Begin forwarded message:
From: "Olton, Debbie (CIAO)"
Subject: Truck spray routes for July 19, 20, 21 and aerial spray blocks for July 18, 2014 (Tonight)
Date: July 18, 2014 at 3:48:15 PM EDT
To: "Arias, Ruben J. (DIST 8)"
Cc: "Olton, Debbie (CIAO)"
Please be notified that truck spraying will be performed in the following areas on Friday, Saturday and Sunday morning:
07/19/14 (ONE TRUCK)
1) PORT OF MIAMI
2) From NW 18 ST to NW 13 ST and from NW 1 AVE to NW 3 AVE
3) BAYSIDE-401 BISCAYNE BLVD
4) Brickell Key
07/20/14 (ONE TRUCK)
1) PORT OF MIAMI
2) From SW 9 ST to SW 13 ST and from SW 9 CT to SW 12 AVE
3) From SW 7 AVE to CORAL WAY and from SW 26 RD to SW 31 RD
4 )From SW 17 TER to SW 20 ST and from SW 14 AVE to SW 17 AVE
5) From SW 22 ST to SW 24 ST and from SW 21 AVE to SW 23 AVE
07/21/14 (TWO TRUCKS)
1 From NE 77 ST to NE 69 ST and from NE 6 AVE to NE 10 AVE
2) From NW 83 ST to NW 79 ST and from NW 2 CT to NW 6 AVE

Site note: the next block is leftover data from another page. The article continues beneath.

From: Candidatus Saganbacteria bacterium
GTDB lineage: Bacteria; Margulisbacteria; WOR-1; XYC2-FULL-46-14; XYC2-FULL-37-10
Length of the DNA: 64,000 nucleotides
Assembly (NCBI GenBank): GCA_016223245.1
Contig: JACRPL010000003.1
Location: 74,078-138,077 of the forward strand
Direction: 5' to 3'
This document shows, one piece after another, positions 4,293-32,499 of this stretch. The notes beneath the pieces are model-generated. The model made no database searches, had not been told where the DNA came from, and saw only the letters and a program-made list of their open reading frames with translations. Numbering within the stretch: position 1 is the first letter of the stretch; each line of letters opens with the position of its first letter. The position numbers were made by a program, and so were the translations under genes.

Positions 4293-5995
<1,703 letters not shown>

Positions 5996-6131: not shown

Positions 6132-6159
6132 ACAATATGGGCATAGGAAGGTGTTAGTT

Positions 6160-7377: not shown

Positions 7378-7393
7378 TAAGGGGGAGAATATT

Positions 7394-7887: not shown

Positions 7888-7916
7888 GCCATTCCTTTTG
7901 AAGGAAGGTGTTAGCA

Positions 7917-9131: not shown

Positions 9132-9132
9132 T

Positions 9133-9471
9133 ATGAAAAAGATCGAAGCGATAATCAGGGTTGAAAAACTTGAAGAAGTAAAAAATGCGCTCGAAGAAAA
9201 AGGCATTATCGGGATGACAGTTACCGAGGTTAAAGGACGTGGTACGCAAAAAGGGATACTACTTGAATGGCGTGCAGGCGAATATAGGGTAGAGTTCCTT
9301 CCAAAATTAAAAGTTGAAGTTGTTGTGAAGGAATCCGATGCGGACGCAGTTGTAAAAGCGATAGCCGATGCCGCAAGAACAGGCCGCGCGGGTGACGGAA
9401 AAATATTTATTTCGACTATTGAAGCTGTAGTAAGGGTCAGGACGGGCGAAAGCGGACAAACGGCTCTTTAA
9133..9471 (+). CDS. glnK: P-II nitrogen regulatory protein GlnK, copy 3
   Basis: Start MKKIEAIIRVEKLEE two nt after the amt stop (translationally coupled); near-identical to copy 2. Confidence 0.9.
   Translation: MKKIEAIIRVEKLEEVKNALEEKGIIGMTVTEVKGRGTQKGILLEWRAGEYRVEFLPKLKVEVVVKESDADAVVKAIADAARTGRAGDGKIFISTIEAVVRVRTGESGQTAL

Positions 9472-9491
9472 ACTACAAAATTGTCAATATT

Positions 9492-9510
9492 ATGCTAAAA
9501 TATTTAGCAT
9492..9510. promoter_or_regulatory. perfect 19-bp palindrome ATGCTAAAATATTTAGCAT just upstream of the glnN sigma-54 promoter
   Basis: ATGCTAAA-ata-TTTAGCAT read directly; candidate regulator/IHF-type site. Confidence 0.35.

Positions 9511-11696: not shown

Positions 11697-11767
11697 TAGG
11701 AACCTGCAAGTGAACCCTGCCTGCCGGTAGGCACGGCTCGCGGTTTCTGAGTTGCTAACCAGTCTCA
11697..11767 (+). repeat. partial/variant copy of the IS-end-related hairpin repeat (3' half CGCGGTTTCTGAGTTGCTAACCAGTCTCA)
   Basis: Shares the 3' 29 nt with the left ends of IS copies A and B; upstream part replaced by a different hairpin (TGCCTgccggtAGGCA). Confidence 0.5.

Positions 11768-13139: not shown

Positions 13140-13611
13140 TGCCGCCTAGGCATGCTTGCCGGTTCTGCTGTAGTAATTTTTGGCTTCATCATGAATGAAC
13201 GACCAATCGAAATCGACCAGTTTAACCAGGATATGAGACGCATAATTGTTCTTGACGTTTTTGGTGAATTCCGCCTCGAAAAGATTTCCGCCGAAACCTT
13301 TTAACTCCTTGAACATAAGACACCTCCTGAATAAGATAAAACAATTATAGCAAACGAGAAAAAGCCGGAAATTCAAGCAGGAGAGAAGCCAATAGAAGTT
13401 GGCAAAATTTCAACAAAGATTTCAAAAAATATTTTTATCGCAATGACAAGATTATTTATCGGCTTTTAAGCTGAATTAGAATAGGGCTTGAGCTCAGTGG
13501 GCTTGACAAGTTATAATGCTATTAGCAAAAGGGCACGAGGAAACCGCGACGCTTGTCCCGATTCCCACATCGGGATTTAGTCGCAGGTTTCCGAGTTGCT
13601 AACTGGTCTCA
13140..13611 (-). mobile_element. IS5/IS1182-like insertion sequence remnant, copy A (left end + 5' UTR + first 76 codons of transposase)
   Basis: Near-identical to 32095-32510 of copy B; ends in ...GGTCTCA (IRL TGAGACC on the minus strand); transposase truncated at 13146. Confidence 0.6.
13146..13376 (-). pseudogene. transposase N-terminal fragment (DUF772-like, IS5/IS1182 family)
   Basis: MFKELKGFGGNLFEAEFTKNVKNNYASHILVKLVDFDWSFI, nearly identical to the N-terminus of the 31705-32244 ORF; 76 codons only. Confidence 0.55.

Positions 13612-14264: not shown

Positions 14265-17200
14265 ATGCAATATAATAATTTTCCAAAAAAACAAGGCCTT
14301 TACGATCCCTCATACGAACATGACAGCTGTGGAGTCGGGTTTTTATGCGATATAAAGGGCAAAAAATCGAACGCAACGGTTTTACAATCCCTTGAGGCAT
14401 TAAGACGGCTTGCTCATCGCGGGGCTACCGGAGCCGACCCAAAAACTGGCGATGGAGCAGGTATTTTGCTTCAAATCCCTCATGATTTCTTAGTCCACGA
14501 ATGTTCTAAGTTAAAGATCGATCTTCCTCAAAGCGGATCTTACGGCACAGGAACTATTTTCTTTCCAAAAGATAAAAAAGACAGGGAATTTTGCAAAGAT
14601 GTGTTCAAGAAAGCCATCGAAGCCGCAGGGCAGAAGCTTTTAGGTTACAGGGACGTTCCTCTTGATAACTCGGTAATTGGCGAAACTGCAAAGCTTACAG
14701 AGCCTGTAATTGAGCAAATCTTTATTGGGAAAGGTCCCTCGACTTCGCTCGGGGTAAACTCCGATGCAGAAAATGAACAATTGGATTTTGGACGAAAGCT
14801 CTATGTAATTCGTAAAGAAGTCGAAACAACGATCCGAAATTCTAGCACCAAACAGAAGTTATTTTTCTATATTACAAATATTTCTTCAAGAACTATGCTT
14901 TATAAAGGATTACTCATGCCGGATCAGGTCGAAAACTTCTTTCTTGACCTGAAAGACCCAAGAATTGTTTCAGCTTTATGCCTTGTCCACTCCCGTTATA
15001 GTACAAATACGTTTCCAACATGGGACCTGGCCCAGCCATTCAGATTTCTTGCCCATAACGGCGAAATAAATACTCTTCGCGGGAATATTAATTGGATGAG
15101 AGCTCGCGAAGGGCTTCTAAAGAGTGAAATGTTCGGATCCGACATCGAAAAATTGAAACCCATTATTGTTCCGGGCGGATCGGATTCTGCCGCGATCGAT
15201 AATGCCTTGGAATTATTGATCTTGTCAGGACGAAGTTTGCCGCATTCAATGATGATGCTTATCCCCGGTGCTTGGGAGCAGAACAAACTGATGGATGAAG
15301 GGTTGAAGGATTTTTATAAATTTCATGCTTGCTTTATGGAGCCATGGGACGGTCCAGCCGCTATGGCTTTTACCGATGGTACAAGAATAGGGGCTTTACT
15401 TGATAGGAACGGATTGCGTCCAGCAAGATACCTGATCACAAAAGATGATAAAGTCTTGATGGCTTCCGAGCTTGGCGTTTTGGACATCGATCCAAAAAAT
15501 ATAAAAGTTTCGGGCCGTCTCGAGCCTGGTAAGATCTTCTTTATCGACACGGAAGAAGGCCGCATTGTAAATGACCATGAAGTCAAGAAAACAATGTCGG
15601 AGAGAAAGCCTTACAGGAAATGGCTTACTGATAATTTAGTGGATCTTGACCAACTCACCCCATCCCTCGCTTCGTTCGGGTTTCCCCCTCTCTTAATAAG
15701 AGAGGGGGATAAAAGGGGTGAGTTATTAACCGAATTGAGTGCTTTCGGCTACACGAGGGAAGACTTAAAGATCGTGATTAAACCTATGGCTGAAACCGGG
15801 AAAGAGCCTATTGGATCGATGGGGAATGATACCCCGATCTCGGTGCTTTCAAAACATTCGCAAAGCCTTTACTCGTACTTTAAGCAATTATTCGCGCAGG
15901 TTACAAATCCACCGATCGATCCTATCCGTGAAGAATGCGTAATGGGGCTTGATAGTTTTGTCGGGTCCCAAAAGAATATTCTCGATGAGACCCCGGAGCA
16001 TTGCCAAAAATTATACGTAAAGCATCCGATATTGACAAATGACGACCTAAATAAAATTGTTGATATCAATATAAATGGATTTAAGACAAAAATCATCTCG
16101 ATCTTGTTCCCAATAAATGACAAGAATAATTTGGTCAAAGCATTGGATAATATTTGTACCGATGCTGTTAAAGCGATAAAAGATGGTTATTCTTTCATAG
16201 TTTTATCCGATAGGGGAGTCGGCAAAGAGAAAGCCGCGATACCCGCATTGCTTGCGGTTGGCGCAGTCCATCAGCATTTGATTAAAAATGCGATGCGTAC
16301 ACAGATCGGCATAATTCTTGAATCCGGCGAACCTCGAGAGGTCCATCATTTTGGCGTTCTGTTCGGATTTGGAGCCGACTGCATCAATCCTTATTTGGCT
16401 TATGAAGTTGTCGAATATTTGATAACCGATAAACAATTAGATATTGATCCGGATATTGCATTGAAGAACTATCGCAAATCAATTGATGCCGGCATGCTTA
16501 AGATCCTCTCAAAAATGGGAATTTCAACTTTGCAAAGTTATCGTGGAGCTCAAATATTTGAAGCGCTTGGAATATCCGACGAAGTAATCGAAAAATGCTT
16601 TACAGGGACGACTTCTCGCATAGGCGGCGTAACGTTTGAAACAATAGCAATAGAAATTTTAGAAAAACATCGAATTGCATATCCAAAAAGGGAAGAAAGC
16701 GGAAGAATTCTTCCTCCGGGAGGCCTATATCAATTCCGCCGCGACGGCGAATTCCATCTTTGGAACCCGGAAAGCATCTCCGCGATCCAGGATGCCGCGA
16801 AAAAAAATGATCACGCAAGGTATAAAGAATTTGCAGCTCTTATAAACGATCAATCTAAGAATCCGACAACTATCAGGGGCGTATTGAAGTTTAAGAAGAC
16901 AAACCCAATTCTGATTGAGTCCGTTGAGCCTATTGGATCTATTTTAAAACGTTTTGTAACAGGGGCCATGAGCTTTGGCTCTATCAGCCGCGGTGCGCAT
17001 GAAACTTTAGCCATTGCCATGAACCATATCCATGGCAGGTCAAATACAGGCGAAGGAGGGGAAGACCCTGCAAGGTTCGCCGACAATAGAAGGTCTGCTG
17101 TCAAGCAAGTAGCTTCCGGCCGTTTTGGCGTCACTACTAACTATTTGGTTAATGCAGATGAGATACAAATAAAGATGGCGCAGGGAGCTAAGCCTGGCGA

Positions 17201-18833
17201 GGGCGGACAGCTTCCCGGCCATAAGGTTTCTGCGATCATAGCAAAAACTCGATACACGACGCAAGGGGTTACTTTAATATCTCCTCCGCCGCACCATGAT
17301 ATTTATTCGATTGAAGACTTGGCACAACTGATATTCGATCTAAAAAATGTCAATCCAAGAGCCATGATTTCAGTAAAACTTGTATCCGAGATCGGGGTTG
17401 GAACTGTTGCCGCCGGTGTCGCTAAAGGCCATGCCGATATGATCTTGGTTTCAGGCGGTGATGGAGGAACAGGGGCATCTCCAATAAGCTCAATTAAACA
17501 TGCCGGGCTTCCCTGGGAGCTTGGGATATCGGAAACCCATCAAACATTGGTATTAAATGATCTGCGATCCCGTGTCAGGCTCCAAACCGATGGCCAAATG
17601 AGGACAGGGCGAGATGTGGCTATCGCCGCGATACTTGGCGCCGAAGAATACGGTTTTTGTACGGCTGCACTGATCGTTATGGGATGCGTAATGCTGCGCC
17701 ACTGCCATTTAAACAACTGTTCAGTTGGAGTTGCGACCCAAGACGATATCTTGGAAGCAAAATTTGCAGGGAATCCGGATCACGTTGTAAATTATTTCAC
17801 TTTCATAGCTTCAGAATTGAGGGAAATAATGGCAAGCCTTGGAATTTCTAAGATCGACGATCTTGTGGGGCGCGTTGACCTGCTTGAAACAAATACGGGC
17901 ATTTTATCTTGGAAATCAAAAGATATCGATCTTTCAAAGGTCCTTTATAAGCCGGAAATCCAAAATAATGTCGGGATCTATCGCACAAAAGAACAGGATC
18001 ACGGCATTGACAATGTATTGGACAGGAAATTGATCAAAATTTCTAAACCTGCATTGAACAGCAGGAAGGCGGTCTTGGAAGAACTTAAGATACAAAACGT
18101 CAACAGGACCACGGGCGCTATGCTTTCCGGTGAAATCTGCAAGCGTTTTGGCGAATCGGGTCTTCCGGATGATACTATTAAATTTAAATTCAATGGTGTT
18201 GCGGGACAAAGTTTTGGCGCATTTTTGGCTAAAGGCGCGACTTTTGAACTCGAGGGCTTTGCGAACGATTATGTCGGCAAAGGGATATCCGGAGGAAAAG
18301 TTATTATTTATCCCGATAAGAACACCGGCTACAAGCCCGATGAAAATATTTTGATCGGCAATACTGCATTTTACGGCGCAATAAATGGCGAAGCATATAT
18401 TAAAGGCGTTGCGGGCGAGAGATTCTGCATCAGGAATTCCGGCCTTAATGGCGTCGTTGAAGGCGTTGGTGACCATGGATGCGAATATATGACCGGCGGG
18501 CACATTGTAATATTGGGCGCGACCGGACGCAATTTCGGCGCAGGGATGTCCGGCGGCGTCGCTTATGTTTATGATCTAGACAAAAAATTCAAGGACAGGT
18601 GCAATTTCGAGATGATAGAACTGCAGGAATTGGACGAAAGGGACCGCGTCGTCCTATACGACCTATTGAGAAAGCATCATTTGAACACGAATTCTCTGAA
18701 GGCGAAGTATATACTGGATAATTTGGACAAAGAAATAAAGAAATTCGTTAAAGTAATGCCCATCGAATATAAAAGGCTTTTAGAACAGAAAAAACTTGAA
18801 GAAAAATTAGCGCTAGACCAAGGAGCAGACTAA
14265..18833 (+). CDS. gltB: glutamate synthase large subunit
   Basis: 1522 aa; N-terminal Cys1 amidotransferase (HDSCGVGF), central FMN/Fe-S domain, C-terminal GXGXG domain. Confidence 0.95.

3) From NW 75 ST to NW 68 ST and from NW 5 PL to NW 10 AVE
4) From NW 54 ST to NW 51 ST and from NW 2 AVE to NW 5 AVE
5) From NW 62 ST to NW 58 ST and from NW 14 AVE to NW 17 AVE
6) From NW 57 ST to NW 50 ST and from NW 22 AVE to NW 26 AVE
7) From NW 18 ST to NW 13 ST and from NW 1 AVE to NW 3 AVE
8) FISHER ISLAND
9) PALM ISLAND
10) HIBISCUS ISLAND
In addition an aerial spray mission will be performed tonight (see attached map for areas to be sprayed weather permitting).
Debbie Olton, Knowledge Base Specialist
Miami-Dade 311 – Community Information and Outreach